Springfield literacy group gets $15K grant to eliminate book deserts

Conscious Connect to supply Springfield with books through ‘Houses of Knowledge’

Karlos Marshall and Moses Mbeseha hope to turn a page on local literacy.

The co-founders of The Conscious Connect have want to eliminate Ohio’s urban “book deserts” — places where affordable print media is in short supply — and establish “literary oases,” where families of all income levels can access high-quality literature.

In December, the Springfield Foundation donated $15,000 to the organization. Their donation will go directly to the construction of new Houses of Knowledge — “little library”-style structures that can hold up to 100 books at a time.

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The organization plans to install about a dozen Houses of Knowledge around the city of Springfield and might put up a handful in Dayton, Mbeseha said.

Right now, two Houses of Knowledge are up and operational — one in front of Marshall’s Springfield home and one in the Auburn J. Tolliver Community Peace Garden on South Limestone Street.

The latter also serves as the prototype for their Reading Parks Project. After putting up more Houses of Knowledge, Marshall said, they hope to outfit the spaces around them as reading areas, with park benches and lighting.

Since its founding in 2015, the community has seen the organization’s impact: The Conscious Connect will be recognized as an Outstanding Creative Youth program at Springfield’s annual Martin Luther King luncheon on Jan. 12.

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Marshall and Mbeseha, both 26, first met while attending Wittenberg University, Marshall for philosophy and Africana studies and Mbeseha for political science and Africana studies. They wanted to think of a way to directly affect the education of local kids, Marshall said.

Looking back at their own childhoods and paths to success, they found a clear constant: reading.

“Literature and reading were a big part of both of our upbringings,” said Mbeseha, who had a penchant for biographies as a kid. Reading them helped him envision what he could accomplish one day, he said.

The more kids had access to high-quality, relevant literature, they believed, the more opportunities they would have.

“To be able to read is a right, we believe,” Marshall said. “That’s really beyond education and that’s a social justice issue.”

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New York University literacy education researcher Susan B. Neuman has co-authored two studies comparing wealth disparities and access to books. In the first study, published in 2001 by Reading Research Quarterly, Neuman found that a child in a middle-class Philadelphia community had access to about 13 age-appropriate books. In an impoverished community in the same city, there was only one appropriate book for every 300 children.

Though Marshall and Mbeseha didn’t have exact data on the availability of books in the Miami Valley, they saw a clear need.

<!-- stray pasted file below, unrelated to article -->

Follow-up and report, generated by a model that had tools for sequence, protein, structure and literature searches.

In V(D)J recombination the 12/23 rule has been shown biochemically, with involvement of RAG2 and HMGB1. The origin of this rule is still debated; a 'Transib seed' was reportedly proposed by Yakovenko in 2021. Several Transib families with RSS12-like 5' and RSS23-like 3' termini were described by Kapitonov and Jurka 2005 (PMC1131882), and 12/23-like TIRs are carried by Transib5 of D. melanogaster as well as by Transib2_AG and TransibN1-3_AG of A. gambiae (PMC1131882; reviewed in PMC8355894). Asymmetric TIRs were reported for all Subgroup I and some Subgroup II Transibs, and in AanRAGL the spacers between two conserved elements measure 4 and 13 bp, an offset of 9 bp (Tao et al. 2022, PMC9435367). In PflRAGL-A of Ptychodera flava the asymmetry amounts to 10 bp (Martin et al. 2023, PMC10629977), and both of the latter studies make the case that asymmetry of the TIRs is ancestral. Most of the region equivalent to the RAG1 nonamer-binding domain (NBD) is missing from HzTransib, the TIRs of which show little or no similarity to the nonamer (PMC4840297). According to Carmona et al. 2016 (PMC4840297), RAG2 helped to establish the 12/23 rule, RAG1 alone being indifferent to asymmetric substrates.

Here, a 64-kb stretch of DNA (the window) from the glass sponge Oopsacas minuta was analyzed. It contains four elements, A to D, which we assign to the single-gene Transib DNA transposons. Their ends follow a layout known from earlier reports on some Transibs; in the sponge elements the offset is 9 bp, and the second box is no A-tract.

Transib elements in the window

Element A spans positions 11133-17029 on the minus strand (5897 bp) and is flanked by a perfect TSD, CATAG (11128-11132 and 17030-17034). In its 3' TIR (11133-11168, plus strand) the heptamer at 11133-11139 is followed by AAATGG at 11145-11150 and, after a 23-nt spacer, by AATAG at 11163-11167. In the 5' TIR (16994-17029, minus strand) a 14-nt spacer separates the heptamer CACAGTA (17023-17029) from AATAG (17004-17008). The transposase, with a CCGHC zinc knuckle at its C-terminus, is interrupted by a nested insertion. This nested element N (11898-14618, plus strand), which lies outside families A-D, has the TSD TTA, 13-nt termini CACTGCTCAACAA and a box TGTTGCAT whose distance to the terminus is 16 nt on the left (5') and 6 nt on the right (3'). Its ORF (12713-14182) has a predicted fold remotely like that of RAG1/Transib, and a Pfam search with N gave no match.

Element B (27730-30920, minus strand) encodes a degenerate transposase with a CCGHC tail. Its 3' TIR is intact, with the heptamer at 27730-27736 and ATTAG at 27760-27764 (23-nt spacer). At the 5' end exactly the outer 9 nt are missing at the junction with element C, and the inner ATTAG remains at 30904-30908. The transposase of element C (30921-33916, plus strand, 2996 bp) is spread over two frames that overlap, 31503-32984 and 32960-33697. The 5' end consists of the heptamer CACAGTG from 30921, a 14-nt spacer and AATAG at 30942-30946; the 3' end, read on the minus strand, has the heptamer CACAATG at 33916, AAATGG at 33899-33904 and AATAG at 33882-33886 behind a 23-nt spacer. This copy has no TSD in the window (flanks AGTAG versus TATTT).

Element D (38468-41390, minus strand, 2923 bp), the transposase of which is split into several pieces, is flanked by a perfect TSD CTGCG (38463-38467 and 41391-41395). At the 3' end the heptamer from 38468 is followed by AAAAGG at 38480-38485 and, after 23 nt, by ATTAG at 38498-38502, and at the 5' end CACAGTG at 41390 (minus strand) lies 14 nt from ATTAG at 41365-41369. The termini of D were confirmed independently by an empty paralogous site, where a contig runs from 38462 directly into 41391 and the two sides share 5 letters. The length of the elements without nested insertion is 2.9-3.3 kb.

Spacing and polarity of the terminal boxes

They first put their concept into action in January 2016 by placing books in local barber shops and salons. Today, The Conscious Connect has supplied books to more than 65 barber shops and salons, about 50 of which are in Dayton, Springfield and Trotwood.

The organization focused on stocking books that either have black main characters or black authors.

“It’s very important that children, and even adults, can see themselves reflected in the stories that they’re reading,” Marshall said.

RELATED: Literacy initiative aims to eliminate book deserts

Marshall also hopes to help shift the culture and perception of reading. It can’t just be about improving test scores, he said. Children and adults need to want to read.

“We think it’s fundamentally important that reading isn’t a chore,” Marshall said. “Reading needs to be enjoyable.”

To expand their programs, the organization has been working closely with Springfield schools.

In the fall, David Zeller, a teacher at Hayward Middle School, was trying to find a project for his Design and Modeling class that would allow his students to help to solve a problem in the community.

“I thought about how our students many times don’t have easy access to reading material or even transportation to the public library to get things to read over summer and winter breaks,” Zeller said.

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When Zeller was connected with Marshall and Mbeseha, who already had plans to install the boxes at Springfield elementary schools, they decided Zeller’s students would design and build the Houses of Knowledge for Hayward’s elementary feeder schools.

Students were divided into teams and each submitted designs to their assigned schools. Principals or student councils at each school chose their favorite design, and the students spent the final two weeks of classes before their winter break building, assembling and painting the boxes.

The organization is still actively seeking other businesses and organizations to contribute, Marshall said. Individuals can also get involved by donating — either money or books — or volunteering to distribute books or build new Houses of Knowledge.

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